A friend said to me “I am having a dilemma: in Buddhism, there is no confession, penance or absolution if you do something wrong. There is no external deity to help me atone for my sins…how do I atone for something that I have done wrong?”
Never mind that this conversation was taking place within the unhallowed walls of our local pub; she had my full attention because I just love any conversations that begin with “I have a dilemma…”.
“It hasn’t ever occurred to me to atone to an external source” I said, and then lapsed into silence while I considered my own approach to atonement.
“Yes, what do you do?” asked my friend, “you know, just for a five Hail Mary crime.” Pause. “Fuck! I’m not even Catholic! That’s how ingrained it is in our society!”
I love how a little conversation can launch a train of thought (and I love how a blog inspires me to share it). So what does Atone mean? At-one. At-one-with-Spirit. To atone is to become one with your higher spirit. It’s a good thing to aspire to. It means to make amends or reparation; to make a wrong thing right. Sometimes that wrong thing can be done to yourself, sometimes it can be to someone (or something) else. I have a direct, uncomplicated attitude to life – if I do wrong by somebody I try to fix it with the person. If I have done wrong to myself, I try to never do it again. Sometimes it’s a bit more complicated than that (damn you complications!), and I may seek solace or guidance from a higher source.
But I just don’t see the point of using God/dess as the atonement middle-man, of referring the wrong to the third umpire. How is that going to help the problem? And this idea of penance – don’t get me started. How is punishing yourself going to help the problem? It’s not, that’s what.
I was noted as a child for being extraordinarily resistant to apologising. For anything. Ever. I would rather sit in my room for half the day than apologise. “I am not sorry, so why should I apologise? You told me never to lie! He deserved it.” Apologies to my brother. So, now I am in my mid-30s I have had some considerable lessons in atonement, starting as I did with an apology handicap. And a big, rude mouth. Ha! So these are some of the things I have learned:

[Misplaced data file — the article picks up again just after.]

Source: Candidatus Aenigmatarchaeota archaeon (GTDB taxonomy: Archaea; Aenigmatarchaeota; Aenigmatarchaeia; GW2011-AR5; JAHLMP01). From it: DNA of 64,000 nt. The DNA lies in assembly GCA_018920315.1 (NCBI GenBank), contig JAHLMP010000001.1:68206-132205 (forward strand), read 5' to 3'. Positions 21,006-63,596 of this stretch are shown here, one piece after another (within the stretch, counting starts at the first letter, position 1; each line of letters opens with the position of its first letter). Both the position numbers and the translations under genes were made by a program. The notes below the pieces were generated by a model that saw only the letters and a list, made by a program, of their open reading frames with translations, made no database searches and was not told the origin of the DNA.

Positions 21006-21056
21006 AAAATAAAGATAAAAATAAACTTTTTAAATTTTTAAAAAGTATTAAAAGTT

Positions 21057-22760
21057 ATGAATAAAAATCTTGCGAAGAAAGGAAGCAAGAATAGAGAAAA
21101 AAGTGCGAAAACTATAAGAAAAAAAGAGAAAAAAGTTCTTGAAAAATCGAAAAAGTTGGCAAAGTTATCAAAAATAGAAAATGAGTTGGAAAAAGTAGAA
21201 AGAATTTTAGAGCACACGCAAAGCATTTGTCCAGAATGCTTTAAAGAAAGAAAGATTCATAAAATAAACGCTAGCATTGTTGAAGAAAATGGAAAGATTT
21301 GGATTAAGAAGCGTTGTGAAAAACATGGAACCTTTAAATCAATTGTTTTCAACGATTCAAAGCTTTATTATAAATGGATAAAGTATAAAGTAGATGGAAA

My Top Ten ways to Atone (in no particular order):
- Apologise! In a sincere, timely fashion.
- Recognise your wrong doing and own it. Fully.
- Go easy. You’re not perfect, and neither is anyone else. Beating yourself up unnecessarily is considered self-harm in my book.
- This is the hard bit – back up your apology with consistently honourable behaviour. If you spoke out of turn, if you lied, if you lost your temper, if you cheated, if you were unreliable – correct it. There is nothing more upsetting than a serial apologiser who never changes their behaviour!
- Sometimes you can’t atone in person. For lots of reasons, death and time feature strongly here. What I do here is an energetic atonement where I imagine the person is in front of me, and I apologise to them in the same way that I would if they were standing in front of me. Better actually, because we all know how nerve-racking an apology can be. Or is it just me?
- Never say “sorry, but…if you hadn’t have done such and such I wouldn’t have been forced to do this thing that I am now pretending to apologise for”. NO! See 2.
- Some things cannot be fixed. Some relationships cannot be repaired. Big lesson. Learn it and let it go. See 3.
- Use empathy, intuition and a light touch. Treat others like you would like to be treated. Or, if this applies to you, treat yourself like you treat others. See 3.
- Don’t get angry if the offended person does not accept your apology. Try 5 to clear the situation energetically and then try again.
- Letters can be good.